As more employees struggle with behavioral health, benefits leaders need a clear understanding of their needs to provide effective solutions. For U.S. workers and employers, 2020 appears to have been a behavioral health inflection point.
- A mid-year survey by Lyra and the National Alliance of Healthcare Purchaser Coalitions found 83% of employees experiencing emotions associated with poor mental health, and 40% believing their employers don’t care, beyond how it might affect their productivity.
- A 2019 Mercer survey showed that more than half of employers and nearly 70% of large employers consider behavioral health a serious concern. Still, only 30% feel they’re being effective with outreach to employees who struggle with mental health and substance use.
As employers and benefits consultants pursue strategies to narrow this gap, Quantum Health continually monitors trends in our member interactions, seeking useful insights. Specifically, we’ve analyzed:
- How, during the latter half of 2020, behavioral health issues presented in conversations between our front-line Personal Care Guide (PCG) nurses and members.
- What benefits guidance or clinical support we provided in response to members’ concerns.
The many facets of employee mental health
Distilling thousands of member engagements, the analysis revealed:
- In most engagements, members’ issues ranged from generalized feelings of depression, stress and anxiety to financial worries, loneliness and isolation, or fear of contracting an illness (the latter two usually in a COVID-19 context).
- Only 11% of engagements — including many where we screened for major depression with the Patient Health Questionnaire-2 (PHQ-2) — called for navigating the member to a mental health specialist for diagnosis and treatment.
- In 51% of cases, our PCGs educated members on other, nonmedical benefits within their employers’ plans, including employee assistance programs, wellness offerings and short-term disability coverage. When appropriate, they advised overdue visits to primary care providers.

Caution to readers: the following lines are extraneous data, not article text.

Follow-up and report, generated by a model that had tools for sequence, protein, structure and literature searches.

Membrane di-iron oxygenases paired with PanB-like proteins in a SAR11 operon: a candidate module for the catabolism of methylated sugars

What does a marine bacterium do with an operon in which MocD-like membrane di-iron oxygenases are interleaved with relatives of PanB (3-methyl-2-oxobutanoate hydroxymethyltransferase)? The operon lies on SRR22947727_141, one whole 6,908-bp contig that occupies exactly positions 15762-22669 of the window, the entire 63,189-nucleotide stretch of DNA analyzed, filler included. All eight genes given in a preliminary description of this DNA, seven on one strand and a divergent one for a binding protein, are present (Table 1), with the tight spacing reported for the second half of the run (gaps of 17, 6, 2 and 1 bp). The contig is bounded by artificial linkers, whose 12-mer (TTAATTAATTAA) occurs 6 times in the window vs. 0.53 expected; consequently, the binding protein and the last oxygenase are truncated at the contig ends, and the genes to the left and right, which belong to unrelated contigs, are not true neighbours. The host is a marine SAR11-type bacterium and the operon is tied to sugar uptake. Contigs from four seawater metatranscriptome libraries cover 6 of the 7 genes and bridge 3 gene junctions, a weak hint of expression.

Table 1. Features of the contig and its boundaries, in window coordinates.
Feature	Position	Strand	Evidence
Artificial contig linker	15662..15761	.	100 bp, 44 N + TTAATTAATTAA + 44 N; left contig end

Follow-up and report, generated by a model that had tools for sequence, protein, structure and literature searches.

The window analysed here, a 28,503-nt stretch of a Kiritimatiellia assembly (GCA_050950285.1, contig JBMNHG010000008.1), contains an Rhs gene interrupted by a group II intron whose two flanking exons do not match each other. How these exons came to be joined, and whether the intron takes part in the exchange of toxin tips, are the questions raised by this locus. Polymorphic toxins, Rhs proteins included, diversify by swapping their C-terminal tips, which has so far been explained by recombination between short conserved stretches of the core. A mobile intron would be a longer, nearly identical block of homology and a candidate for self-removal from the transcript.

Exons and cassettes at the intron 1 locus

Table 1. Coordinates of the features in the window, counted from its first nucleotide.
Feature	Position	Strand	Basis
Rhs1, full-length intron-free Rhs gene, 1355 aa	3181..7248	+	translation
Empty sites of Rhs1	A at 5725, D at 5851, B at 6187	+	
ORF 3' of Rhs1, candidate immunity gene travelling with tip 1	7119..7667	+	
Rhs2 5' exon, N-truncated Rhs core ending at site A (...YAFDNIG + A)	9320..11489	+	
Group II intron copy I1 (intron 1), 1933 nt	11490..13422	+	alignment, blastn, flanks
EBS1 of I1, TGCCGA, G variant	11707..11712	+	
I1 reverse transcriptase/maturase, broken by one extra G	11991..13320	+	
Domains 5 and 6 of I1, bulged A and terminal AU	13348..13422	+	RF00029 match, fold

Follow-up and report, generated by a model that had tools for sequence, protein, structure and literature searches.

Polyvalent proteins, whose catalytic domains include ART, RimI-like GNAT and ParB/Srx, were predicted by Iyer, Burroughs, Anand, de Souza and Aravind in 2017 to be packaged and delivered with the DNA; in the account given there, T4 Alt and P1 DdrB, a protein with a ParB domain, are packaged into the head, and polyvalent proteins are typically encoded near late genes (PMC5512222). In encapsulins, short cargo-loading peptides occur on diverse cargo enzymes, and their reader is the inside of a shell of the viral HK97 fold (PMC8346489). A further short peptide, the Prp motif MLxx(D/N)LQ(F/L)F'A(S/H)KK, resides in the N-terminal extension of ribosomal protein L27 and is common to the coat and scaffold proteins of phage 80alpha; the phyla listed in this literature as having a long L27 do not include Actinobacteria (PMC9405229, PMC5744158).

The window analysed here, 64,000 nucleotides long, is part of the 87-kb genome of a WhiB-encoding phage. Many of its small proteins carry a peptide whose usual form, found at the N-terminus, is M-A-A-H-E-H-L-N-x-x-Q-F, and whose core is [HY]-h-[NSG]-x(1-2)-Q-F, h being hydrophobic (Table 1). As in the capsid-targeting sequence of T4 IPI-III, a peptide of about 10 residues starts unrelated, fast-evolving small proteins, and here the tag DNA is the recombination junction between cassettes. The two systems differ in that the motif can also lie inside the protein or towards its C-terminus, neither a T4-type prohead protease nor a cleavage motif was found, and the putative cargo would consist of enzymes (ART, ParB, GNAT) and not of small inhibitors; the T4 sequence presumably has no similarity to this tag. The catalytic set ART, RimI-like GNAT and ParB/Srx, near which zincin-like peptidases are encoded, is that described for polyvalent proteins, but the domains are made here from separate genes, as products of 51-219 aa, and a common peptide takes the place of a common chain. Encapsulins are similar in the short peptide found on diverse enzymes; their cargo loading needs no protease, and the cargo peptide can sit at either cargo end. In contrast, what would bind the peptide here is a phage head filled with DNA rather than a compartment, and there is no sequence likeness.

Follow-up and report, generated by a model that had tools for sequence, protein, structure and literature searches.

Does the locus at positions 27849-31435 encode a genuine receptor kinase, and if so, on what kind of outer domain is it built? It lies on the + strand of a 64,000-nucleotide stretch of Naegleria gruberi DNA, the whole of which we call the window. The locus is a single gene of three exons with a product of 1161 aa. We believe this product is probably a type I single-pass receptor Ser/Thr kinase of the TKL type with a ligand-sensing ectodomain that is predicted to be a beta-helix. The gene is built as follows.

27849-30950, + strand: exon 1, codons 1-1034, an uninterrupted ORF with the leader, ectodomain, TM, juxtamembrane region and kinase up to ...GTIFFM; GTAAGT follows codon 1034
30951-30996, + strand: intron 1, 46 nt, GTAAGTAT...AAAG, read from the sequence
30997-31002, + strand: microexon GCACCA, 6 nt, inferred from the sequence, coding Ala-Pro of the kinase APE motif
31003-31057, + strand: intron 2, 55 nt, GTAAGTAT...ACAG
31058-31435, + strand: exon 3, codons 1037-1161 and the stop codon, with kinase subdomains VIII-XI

- In 38% of cases, we guided members to an array of supplemental resources, including mindfulness and relaxation apps, condition-specific research and education organizations (e.g., American Diabetes Association, American Cancer Society), plus an array of local and regional community resources.
Insights from the front line
Employers have reason to be concerned about identifying and supporting employees with major depression, anxiety and other disorders. PHQ-2 screening is one critical way Quantum Health supports that priority.
However, our engagement analysis suggests most workforce mental health challenges take other forms. It also indicates that most employers already offer meaningful mental health support, benefits employees aren’t always aware of, especially in stressful moments when they need the benefits most. Driving awareness and utilization of those benefits takes empathetic, active-listening engagement.
That’s where healthcare navigation and care coordination can play essential roles in your mental health strategy. For example:
- When a member contacts Quantum Health about eligibility or claims related to a family member’s serious medical diagnosis, our Care Coordinators not only provide answers, but also frequently ask a conversation-starting question, such as: “How is everyone doing?”
- Because they are in ongoing care coordination with members, PCG nurses often become trusted sounding boards for members inclined to share feelings. For more reticent members, PCGs are in position to proactively inquire about and assess well-being on an ongoing basis.
As one PCG noted: “There are diagnosable mental illnesses, and then there are people struggling with stresses in life. To get at these issues, it’s critical that we’re in the flow of their overall care. It takes having conversations, so members can share not just their physical pains, but also their emotional ones.”